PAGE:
Lavender (Lavendula angustifolia) Propagation
Answered by: Inge Poot
Question from: Cecile Daudet
Posted on: July 12, 2007

I have some Lavendula angustfolia which is doing really well dispite the fact that I live in Quebec, Canada ( South of Montreal) and didn’t protect it in the winter. My neighbors would like to grow some from my plants but I have no idea how and limited knowledge of the botanist’s vocabulary .

The easiest way to propagate the plant is to let it set seed and harvest the seeds when the seed heads turn yellow. Your neighbours should plant the seed that fall and it will come up next spring, because it germinates much better if it gets some frost.

Another way is to try to make cuttings and root them. This works best in spring. Take a fresh shoot about 10cm long, strip off the leaves on the lower half, dip into rooting hormone (this must be fresh, since it denatures quickly) and stick into a well-draining soil that has been sterilized by pouring boiling water onto it (and then allowing it to cool before inserting the cutting). Water, allow to drain and put pot into a new Zip-lock bag. Put the bag into a bright window out of direct sun-light. When the cutting starts to grow, gradually remove the bag and then after a few days, move it into the sun. When sturdy new growth has been produced it can be planted outside, but don’t move it there if the season is so advanced that it won’t have enough time to root properly. Protect with newspapers at first to avoid shock.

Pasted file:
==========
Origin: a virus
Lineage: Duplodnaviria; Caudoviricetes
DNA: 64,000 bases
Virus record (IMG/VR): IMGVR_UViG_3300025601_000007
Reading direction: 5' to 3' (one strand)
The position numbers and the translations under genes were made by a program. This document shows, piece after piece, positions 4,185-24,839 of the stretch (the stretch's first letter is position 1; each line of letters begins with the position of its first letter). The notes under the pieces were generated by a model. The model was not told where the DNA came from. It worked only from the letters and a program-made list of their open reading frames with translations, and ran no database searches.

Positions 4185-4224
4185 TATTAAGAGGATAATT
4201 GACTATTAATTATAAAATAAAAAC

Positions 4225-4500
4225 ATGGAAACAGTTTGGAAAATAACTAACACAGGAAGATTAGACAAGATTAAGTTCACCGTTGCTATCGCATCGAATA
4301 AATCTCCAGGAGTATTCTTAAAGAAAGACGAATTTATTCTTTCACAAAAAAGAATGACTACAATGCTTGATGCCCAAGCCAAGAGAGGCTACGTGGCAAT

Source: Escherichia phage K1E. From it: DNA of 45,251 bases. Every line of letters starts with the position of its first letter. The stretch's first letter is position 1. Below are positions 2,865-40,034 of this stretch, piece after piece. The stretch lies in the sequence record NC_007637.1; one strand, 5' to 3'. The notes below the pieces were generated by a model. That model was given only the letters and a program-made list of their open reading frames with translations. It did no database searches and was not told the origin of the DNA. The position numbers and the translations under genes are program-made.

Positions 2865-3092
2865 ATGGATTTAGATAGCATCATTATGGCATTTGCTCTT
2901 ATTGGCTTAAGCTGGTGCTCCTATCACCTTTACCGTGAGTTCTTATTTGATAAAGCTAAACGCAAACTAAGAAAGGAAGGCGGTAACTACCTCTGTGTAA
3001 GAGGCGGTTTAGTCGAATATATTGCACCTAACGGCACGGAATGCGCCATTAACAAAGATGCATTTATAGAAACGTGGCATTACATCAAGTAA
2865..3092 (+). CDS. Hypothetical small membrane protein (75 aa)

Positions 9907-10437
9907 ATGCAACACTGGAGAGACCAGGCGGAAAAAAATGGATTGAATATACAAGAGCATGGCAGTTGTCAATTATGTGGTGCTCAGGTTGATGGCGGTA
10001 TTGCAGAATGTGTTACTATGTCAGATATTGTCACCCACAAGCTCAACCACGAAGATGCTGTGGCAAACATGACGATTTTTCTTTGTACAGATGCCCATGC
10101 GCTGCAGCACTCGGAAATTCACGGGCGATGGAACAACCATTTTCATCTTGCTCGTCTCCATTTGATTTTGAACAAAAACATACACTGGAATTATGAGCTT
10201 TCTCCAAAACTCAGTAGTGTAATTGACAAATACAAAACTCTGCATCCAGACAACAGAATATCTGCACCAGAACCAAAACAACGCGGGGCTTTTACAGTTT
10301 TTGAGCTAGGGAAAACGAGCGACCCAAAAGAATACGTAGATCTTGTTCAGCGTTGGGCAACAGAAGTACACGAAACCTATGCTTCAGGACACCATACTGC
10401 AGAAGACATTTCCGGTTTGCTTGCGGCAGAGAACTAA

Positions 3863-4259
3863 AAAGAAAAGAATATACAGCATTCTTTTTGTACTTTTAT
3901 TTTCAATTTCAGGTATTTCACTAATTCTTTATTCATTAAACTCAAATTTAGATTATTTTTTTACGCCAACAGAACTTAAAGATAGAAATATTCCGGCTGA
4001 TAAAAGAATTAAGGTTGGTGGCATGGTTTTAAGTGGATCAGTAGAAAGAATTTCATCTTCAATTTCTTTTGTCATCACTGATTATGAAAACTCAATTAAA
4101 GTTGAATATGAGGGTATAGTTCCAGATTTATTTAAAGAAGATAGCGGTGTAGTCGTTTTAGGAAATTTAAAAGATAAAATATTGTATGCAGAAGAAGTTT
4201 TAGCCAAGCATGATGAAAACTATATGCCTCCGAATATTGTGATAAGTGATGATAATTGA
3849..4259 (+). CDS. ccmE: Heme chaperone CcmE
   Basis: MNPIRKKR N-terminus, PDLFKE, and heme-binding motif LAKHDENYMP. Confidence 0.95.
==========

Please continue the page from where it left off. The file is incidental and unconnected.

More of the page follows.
Once your plant becomes very large and bushy, you might be able to nick one branch, put fresh rooting hormone on the wound, pin the branch down so that the wound is in contact with the soil, pile a bit of soil over the wounded area, add a rock and keep the area moist. Check every now and again -very carefully- to see if any roots have formed. Once there are roots, sever the stem from the mother plant with sharp clippers - without disturbing the rooted portion. Keep moist and shaded and once the stem begins to grow you can give it away!

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